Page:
ETHOS Institute™ for Public Christianity

A Christian think tank formed by the National Council of Churches of Singapore, Trinity Theological College and The Bible Society of Singapore.


Recent NCCS Statements 

  • 5 December 2016 - Protestant Attitudes towards the Departed
    (Click here to read the statement)
  • 17 November 2016 - Pre-Implantation Genetic Testing of IVF Embryos
    (Click here to read the statement.)

Announcement on ETHOS Steering Committee

The new Steering Committee has commenced its two-year term from 25 October 2016 with the President of the National Council of Churches of Singapore (NCCS), Bishop Rennis Ponniah, as the newly appointed Chairman of ETHOS Institute. 

Click here to view Steering Committee.


 

 

January 2017 Feature Article 

Common Morality in a World Wounded by Fragmentations

by Rev Dr Daniel Koh Kah Soon

“Get off your moral high horse,” we have heard this phrase thrown by people who think that you have been too demanding when making an ethical judgement or they just do not agree with a stand which you have made. Sometimes this is put differently.

They may appear as a convenient retort, saying “do not impose your moral views on us” usually in an attempt to cut short a conversation on a controversial subject, for example, when dismissing a person who thinks there is valid ground for reviewing the policy on current laws governing abortion.

This kind of reaction is taking an escapist way out of legitimate discussion. It short-circuits calm reasonable debate.

More seriously, however, that kind of attitude may suggest that on matters of morals, it is impossible to find consensus. In other words, morality, to use a phrase borrowed from Alasdair MacIntyre, is too fragmented in our post-enlightenment world that we cannot talk anymore with people who do not share, say, our religious beliefs or world views.

The assertion is that we cannot have any in-depth conversation with those who hold different perspectives on life especially on issues relating to what constitute moral standards deemed to be acceptable for people of differing faiths and those with no religious affiliation.

 

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What Does it Mean to Uphold Sola Scriptura Today?

by Rev Edmund Fong

Having celebrated Reformation Sunday some weeks back, I find it appropriate to write on one of the chief slogans that encapsulates the essence of what the Reformation was about—Sola Scriptura (Scripture alone). I offer the following theses for our consideration (the reader should be glad to know it is 5 and not 95 theses!)

 1. Sola Scriptura is first and foremost a theological claim: Scripture is the divine discourse of the self-communicative God to his people

A proper grasp of Sola Scriptura, I believe, begins with an assertion of the following theological claim: Scripture is the divine discourse of the self-communicative God to his people.

In turn, this theological claim involves two other key doctrines, that is, our doctrine of God and our doctrine of Scripture.[1] God is seen as the God who desires to communicate, to speak with His people. And Scripture is seen as the text used by God to be the viva vox Dei (living voice of God) to address the people and generate faith and obedience.[2]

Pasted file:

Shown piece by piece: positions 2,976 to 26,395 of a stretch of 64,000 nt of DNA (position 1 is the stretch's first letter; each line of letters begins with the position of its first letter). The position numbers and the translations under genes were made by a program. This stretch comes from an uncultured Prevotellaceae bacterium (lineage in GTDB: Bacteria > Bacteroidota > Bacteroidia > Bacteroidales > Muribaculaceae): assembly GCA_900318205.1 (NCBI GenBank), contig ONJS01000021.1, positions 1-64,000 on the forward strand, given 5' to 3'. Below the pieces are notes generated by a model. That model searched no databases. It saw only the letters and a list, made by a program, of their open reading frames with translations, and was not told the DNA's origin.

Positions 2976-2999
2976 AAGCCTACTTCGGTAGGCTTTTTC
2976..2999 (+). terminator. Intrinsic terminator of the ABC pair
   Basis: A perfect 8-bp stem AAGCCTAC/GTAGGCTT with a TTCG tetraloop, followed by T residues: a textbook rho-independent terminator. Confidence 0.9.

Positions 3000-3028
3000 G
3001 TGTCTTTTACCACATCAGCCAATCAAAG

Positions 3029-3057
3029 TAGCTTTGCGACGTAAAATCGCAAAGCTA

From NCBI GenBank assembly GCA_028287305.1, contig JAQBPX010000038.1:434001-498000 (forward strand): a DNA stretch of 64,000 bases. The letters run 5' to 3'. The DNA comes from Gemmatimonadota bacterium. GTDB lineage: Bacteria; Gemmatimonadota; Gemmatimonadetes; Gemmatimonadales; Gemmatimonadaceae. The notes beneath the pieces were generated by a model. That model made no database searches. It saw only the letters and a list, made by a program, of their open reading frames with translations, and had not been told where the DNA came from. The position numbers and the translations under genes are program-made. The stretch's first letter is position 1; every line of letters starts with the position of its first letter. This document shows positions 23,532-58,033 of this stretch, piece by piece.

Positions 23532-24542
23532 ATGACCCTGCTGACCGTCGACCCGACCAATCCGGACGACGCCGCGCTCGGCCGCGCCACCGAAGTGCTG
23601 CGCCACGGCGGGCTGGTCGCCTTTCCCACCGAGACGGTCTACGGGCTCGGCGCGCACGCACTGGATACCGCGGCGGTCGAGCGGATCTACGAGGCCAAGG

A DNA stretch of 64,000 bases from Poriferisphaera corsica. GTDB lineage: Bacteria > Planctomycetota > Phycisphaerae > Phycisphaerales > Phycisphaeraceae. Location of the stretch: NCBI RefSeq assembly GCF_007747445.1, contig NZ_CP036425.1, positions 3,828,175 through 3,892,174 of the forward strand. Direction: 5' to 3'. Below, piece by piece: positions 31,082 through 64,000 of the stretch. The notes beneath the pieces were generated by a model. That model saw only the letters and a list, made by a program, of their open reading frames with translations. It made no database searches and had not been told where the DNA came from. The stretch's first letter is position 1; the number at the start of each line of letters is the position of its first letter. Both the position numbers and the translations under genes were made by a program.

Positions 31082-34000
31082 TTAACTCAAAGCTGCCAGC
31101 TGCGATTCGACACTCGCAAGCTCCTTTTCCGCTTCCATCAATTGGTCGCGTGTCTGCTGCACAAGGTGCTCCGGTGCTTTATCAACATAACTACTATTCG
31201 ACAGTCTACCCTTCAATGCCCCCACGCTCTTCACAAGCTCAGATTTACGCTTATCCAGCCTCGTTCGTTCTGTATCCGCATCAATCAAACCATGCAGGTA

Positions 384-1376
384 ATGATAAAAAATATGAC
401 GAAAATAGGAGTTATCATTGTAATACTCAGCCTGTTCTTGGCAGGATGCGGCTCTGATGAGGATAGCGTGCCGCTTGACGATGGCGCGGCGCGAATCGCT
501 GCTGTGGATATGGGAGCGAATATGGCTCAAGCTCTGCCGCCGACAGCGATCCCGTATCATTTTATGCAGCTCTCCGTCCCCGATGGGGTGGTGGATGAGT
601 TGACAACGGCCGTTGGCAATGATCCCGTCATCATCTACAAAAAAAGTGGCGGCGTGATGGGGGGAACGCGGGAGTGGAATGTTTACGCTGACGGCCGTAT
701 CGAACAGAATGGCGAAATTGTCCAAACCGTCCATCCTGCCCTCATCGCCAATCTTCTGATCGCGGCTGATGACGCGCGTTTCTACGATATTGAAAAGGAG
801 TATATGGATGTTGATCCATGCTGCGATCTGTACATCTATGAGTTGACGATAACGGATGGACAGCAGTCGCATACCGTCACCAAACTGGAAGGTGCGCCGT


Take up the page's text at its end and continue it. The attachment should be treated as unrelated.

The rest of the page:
This, I submit, is the basic theological claim underlying Sola Scriptura that imbues the slogan with its sense of authority in the first place.

 

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Is it Ethical?

By Dr Roland Chia

In 2006, in an article published in Methodist Message, I argued that gender dysphoria is a form of mental disorder – a view I still hold today. If this judgement is sound, then far from being a helpful correction to the condition, sexual reassignment surgery (SRS) is in fact collaborating with the illness.

In this article, we focus on a different but not unrelated question. SRS is legal in many countries, including Singapore and Iran (because homosexual acts are punishable by death, homosexuals in Iran are forced to undergo SRS – but that’s another story). Countries like Thailand and South Korea have become international hubs for SRS, attracting medical tourists from across the globe.

SRS may be legal, but is it ethical from the standpoint of medical ethics? To answer this question, we must examine what SRS entails and what benefits (if any) it brings to persons suffering from gender dysphoria.

SRS is a major procedure with significant risks.

SRS for the male involves hormone treatment, the removal of the penis and testes, preparation of genital tissue for the creation of pseudo-vagina, the creation of the pseudo-vagina, opening the urethra, breast implants, silicone implants in the hips and buttocks, and cosmetic surgery.

 

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Upcoming Events

  • 17 Feb 2017 - ETHOS Engagement Series Public Lecture: 'Kindness: A Moral Argument for the Existence of God'
    by Dr William Wan
    Venue: Bible House Level 4 Seminar Room 
    Time: 7.30pm - 9.00pm
    Click HERE to register
  • 21 March 2017 - The ETHOS Conversation 2017 with Minister Chan Chun Sing and
    Dr Mathew Mathews
    Venue: Bible House Level 5
    Time: 7.30pm - 9.30pm
    Click HERE to register

  • 10 May 2017 - ETHOS Conference on Science and Religion 
    by Dr Brian H. Thomas 
    Venue: Bible House Level 4 Seminar Room 
    Time: 10am - 4pm 
    Registration opening soon. 

Featured Video

The ETHOS Annual Lecture 2016 is now available HERE.